It’s another day in 2021’s boxing reality.

You know, the world that’s being overtaken by the likes of Jake Paul.

Love it or loathe it, the Paul boys – that’s Jake and older brother Logan, for those somehow unaware – have become the straws that stir the in-rink drink.

Don’t think so? Ask yourself a simple question.

Of all the boxing pay-per-view shows this year, which have generated the most buzz?

And by buzz, we’re talking not just PPV buys – but also the sort of high-profile product placement that yields live remote commentaries on ESPN while it also generates chatter in the office lunchroom.

Here’s a hint, it’s not anyone whose name can be found in the Ring rankings.

And if that doesn’t tell you something, it should.

Rightly or wrongly, fairly or unfairly, wisely or stupidly, people like this stuff. They’re intrigued by it. They’re entertained by it. They want to hear more about it. And they’re willing to pay to see it again.

Whether Jake Paul can work the mitts or Logan Paul can skip a rope is immaterial to them.

The younger man’s blowout of Ben Askren apparently racked up a seven-figure buy rate, a threshold reached again by the older sibling’s 24 minutes with Mayweather two months ago in Miami.

Expect a number somewhere in that ballpark when the weekend’s figuring is done, too.

Incidentally, in the sort of air only reached routinely by guys like Mayweather and Tyson.

Meaning when you take an influencer’s cache and meld it with a top-shelf public relations apparatus – like the Showtime Sports conglomerate – it’s a match made in short-attention span Millennial heaven.  

Leaving other fighters wishing, at least when it comes to bank balances, they were them. Or at least allowed to hang around with them long enough to get their own names out there.

Amanda Serrano, Daniel Dubois and Charles Conwell took example on Sunday.

They’re selling a spectacle. A circus. A break from reality.

Or a farce if you prefer. 

But they’ve done their homework. They know their audience. And they delivered exactly what it sought.

Naturally, it leaves the legit boxing fan feeling one of two ways. 

Either they beat their chests and insist no one actually pays attention to this nonsense – you know, kind of like they did about the UFC so many years ago – or they recoil in fear at the specter of their sport being overrun by grudge matches between Instagram and TikTok celebrities.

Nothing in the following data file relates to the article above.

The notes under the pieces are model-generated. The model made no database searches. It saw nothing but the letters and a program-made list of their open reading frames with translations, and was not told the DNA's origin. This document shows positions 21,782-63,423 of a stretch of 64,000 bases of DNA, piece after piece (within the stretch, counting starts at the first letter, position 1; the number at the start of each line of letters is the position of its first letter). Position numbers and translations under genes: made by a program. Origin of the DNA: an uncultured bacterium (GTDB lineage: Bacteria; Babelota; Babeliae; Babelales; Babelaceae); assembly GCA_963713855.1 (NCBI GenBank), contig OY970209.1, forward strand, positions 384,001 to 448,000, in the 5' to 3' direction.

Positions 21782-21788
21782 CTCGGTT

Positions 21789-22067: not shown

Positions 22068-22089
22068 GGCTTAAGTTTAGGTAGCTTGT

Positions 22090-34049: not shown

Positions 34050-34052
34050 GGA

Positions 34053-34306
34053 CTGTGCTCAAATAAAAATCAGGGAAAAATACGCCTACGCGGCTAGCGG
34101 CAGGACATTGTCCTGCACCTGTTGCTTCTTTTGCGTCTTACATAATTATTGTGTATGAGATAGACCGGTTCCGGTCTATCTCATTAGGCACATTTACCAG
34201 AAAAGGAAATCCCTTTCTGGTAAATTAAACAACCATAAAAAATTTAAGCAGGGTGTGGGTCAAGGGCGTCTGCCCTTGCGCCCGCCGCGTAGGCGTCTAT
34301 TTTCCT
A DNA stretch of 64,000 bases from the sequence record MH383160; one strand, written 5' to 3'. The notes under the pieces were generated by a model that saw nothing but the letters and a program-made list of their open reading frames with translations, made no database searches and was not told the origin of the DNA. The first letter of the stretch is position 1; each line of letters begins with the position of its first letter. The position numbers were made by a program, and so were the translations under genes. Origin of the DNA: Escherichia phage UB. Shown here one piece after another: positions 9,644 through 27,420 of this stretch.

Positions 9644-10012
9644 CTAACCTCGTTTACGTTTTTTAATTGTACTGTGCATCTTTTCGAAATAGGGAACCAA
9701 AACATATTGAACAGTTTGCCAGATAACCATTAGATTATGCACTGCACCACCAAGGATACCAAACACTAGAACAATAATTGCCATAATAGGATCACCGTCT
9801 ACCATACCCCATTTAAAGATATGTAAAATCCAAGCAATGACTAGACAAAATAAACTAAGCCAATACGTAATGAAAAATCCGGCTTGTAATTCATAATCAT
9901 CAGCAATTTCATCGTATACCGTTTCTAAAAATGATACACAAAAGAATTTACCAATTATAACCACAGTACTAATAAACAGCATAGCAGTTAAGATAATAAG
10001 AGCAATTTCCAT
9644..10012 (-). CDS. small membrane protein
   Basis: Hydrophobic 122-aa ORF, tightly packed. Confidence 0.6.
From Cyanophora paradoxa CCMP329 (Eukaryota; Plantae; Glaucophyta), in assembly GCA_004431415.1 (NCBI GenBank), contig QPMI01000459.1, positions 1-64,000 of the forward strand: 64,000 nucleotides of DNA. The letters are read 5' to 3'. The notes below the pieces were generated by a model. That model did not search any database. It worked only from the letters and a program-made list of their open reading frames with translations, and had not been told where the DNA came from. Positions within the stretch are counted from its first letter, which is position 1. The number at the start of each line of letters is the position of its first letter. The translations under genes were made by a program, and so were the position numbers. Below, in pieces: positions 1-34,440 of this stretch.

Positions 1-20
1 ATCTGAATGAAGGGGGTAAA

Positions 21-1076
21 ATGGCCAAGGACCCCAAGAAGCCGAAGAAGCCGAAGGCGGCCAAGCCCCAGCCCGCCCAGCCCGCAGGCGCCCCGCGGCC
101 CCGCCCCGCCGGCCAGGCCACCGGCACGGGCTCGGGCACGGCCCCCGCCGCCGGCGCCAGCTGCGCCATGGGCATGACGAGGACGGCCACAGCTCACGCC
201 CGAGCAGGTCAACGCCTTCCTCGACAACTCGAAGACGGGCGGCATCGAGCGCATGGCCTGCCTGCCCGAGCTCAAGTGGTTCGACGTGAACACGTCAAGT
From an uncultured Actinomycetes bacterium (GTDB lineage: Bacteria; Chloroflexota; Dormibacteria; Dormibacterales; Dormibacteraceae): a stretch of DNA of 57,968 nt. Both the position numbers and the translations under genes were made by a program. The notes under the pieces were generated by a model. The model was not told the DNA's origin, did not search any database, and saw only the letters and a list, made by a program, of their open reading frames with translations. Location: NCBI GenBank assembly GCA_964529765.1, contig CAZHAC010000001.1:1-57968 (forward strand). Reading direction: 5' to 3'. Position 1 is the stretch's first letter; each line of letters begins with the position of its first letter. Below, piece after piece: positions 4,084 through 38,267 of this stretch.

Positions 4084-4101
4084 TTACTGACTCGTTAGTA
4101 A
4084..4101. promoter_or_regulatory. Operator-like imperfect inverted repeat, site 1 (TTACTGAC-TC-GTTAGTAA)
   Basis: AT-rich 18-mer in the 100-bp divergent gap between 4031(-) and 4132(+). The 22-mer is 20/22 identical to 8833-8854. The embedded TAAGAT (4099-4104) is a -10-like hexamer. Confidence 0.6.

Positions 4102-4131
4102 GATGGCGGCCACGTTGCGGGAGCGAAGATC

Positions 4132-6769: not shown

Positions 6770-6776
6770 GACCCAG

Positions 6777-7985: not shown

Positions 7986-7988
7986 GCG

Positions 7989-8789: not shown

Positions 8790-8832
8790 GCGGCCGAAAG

Truth is, it’s probably somewhere closer the middle.

The market for this stuff is hot right now. And Sunday didn’t hurt.

Neither guy was a title contender, but it was an entertaining and evenly matched scrap.

So if you wanted to see Jake Paul in competitive peril, you did.

But if you wanted to see him lose, you didn't.

Paul certainly got his stiffest test from an aging Tyron Woodley but nevertheless gutted it out to earn a fairly scored split decision. 

Two judges gave it to Paul by 77-75 and 78-74 scores, while a third saw it 77-75 in Woodley's direction.

These eyes split the difference and saw it even at 76-76.

"It may not have been pretty," Showtime's Mauro Ranallo said, "but it was a work of heart from Jake Paul."

The longer he stays successful, the longer the momentum will last.

But it won’t be forever. Nothing ever is.

He’ll win a couple. He’ll lose a few. People will enjoy it, then they’ll get bored and start sniffing around for the next ridiculous diversion.

Gymnastics on ice skates. Full-contact bowling. Obstacle courses with live shelling.

Ultimately, when it comes to boxing, the craving for authenticity will win out.

We think.

But in the meantime, buckle up. We’re in for an unconventional ride.

* * * * * * * * * *

This week’s title-fight schedule: 


WBO junior bantamweight title – Tokyo, Japan

Kazuto Ioka (champion/No. 2 IWBR) vs. Francisco Rodriguez Jr. (No. 2 WBO/No. 9 IWBR)

Ioka (26-2, 15 KO): Third title defense; Former champ at 105, 108 and 112 pounds (2011-17)

Rodriguez Jr. (34-4-1, 21 KO): Fourth title fight (2-1); Held IBF/WBO titles at 105 (2014, one defense)

Fitzbitz says: Rodriguez has had a long and decorated career, but he’s not ha the same ladder-climb success as Ioka. Says here Ioka carries the skill to 115 pounds better. Ioka by decision (99/1)


IBO lightweight title – Leeds, United Kingdom

Jovanni Straffon (champion/No. 56 IBWR) vs. Maxi Hughes (No. 24 IBO/Unranked IWBR)

Straffon (24-3-1, 17 KO): First title defense; Second fight in the United Kingdom (1-0, 1 KO)

Hughes (23-5-2, 5 KO): First title fight; Fourth straight wins since most recent loss in 2019

Fitzbitz says: Straffon isn’t exactly an early-70s Roberto Duran, but he’s the better fighter here. Better KO power and slightly better beaten opposition. Should be a cakewalk, in fact. Straffon in 8 (85/15)

Last week's picks: None

2021 picks record: 27-9 (75.0 percent) 

Overall picks record: 1,183-384 (75.4 percent) 

NOTE: Fights previewed are only those involving a sanctioning body's full-fledged title-holder – no interim, diamond, silver, etc. Fights for WBA "world championships" are only included if no "super champion" exists in the weight class. 

Lyle Fitzsimmons has covered professional boxing since 1995 and written a weekly column for Boxing Scene since 2008. He is a full voting member of the Boxing Writers Association of America. Reach him at or follow him on Twitter – @fitzbitz.